Network administrators around the globe are very concerned about the type of traffic that is exiting their network. They want their critical business application over the WAN to perform at its best. Non-critical applications like web traffic and social media downgrade the performance of WAN links. Therefore, administrators should avoid non-business applications on WAN links.

Over the last decade, administrators around the globe have used traditional NetFlow and other similar flow technologies to identify the type of traffic on their network.  The traditional flow-based traffic analysis is utilized to identify layer 3 application traffic based on port and protocol.

What if a user on the network uses cloud services, social media and random port applications? The majority of these applications are placed in layer 7.  Traditional layer 3 NetFlow analysis can only give us an answer: “I am good for what I am used for.”

Let’s look at a scenario to explain how to identify and tackle the layer 7 application:

An individual thinks, “What happens to my personal data if my PC, mobile or tablet crashes?” This question provokes him or her to search for on alternate storage to back up their data.  That is where an individual does research to find the correct storage, ensuring that it is safe, easy to access and redundant.

Things have improved a lot over the last couple decades . No one  wants to store their data in a flash drive or external hard drive, as these  are prone to crash or theft.
With the evolution  of cloud based storage, social media (i.e.  Google Drive, Drop Box, Picasa, SkyDrive, iCloud, Facebook, etc. ) makes the individual comfortable knowing his or her data is safe,  redundant and easy to  access from anywhere, on  any device . All one  needs to do  is sign up for any of these cloud based service, as they provide a large amount of  free space for individual sign up, as well as very cheap upgrade options.

What does the Network Administrator think?

The network administrator always think on 100% up time and high performance network. The non-business applications like cloud storage, social media and video streaming  utilize much of available bandwidth on the corporate network, which reduces the performance of network.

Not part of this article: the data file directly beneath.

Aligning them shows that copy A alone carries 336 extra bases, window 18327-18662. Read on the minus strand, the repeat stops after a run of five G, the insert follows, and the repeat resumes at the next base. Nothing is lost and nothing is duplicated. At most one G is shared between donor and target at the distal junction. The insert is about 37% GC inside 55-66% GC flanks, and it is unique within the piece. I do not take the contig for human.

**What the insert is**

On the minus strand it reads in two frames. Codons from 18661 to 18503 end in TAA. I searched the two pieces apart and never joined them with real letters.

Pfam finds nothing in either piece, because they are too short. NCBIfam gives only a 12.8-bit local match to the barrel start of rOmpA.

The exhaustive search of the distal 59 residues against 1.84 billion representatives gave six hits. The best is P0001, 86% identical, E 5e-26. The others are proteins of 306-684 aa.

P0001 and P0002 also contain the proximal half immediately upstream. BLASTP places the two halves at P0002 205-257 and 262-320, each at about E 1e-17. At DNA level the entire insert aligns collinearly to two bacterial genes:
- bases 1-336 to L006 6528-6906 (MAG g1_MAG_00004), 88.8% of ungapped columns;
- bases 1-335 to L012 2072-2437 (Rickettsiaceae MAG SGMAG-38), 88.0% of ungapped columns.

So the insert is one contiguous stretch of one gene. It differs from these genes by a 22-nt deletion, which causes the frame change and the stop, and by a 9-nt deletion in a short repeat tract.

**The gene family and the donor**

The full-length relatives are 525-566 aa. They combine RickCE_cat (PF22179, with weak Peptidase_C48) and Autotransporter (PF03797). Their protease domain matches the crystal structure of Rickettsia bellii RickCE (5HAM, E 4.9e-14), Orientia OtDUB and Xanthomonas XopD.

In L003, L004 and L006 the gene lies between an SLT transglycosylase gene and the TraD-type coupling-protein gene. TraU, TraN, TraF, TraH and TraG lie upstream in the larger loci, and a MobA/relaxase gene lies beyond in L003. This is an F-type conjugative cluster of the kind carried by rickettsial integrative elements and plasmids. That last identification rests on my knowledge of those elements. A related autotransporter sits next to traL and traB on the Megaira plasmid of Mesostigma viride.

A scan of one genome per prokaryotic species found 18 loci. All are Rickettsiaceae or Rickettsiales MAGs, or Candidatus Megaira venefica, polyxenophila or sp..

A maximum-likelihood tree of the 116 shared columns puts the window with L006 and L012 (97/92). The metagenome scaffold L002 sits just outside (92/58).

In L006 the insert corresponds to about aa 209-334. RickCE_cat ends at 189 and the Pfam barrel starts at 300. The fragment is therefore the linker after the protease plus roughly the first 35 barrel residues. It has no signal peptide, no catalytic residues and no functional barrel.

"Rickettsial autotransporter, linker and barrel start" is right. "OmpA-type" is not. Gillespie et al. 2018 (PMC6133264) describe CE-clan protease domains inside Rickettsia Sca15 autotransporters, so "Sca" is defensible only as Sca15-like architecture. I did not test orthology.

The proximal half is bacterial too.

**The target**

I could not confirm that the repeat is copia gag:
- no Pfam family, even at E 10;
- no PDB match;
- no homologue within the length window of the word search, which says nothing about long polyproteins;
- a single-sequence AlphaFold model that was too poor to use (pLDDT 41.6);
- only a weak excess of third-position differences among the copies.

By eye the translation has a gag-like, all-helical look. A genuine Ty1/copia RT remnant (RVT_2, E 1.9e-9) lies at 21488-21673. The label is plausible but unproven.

Dropping non-business layer 7 application, random port and social media traffic by identifying each of its IP addresses and placing access lists on the firewall is tedious. Furthermore , the IP address and port numbers used by cloud based application and storage are dynamic . The actual rule placed on the firewall will be outdated within a short span.

What helps administrator to find layer 7 application traffic visibility?

Deep packet inspection is an appropriate methodology to find layer 7 application traffic utilization. Consider a network of Cisco devices with recent IOS. Cisco device supports NBAR (Network Based Application Recognition) which helps to identify layer 7 application traffic using deep packet inspection mechanism.

NBAR has PDLM (Packet Description Language Module), which has over 1,000 signatures  used for identifying  web traffic, URL’s, file sharing application and random port application. PDLM on a Cisco device is updated on every IOS upgrade or with intermediate PDLM update pack. Refer this blog about PDLM upgrade on Cisco device.

A new IOS with recent PDLM has  many  signatures and protocols mapped, refer this link for detail information about mapped protocol and applications on the Cisco IOS.

How to identify the Layer 7 application traffic utilization?

To monitor the traffic utilization of layer 7 applications, you need to enable NBAR on the WAN interfaces of the Cisco router. After enabling NBAR on the interfaces, the router will start doing deep packet inspection on all the traffic on the interfaces. To view NBAR stats, we need a NetFlow analysis tool which could parse the Flexible NetFlow records.

We need to configure the router to export NBAR stats as a Flexible NetFlow to the NetFlow analysis tool which generates report as shown in below screenshot.

The following  are a sequence of steps that need to be followed on the Cisco router to block non-business layer 7 application traffic.

Step 1 :-

Creating a class map to classify this kind of traffic:

class-map match-any File-Sharing

match protocol dropbox

match protocol google-docs

match protocol gtalk-ft

match protocol google-services

match protocol facebook

match protocol itune

Step 2 :-

Creating access group and attaching it with class map File-Sharing

 match access-group 102

Step 3 :-

Creating a policy to drop this drop box and Google traffic.

policy-map File-Sharing
class File-Sharing
drop

Step 4 :-

Associating the policy created to a WAN interface

Interface GigabitEthernet0/0

Ip address 192.168.49.106

Ip nbar protocol-discovery

service-policy input File-Sharing

service-policy output File-Sharing

Step 5 :-

Creating a access list to prevent these traffic. We already created a access group matching these traffic .

access-list 102 deny ip any any

The policy created to block or drop layer 7 application traffic based on NBAR application map is permanent and there is  no need for periodic updates or customization even if  the application uses random ports or dynamic IP.

Praveen Kumar

NetFlow Analyzer Technical Team

 

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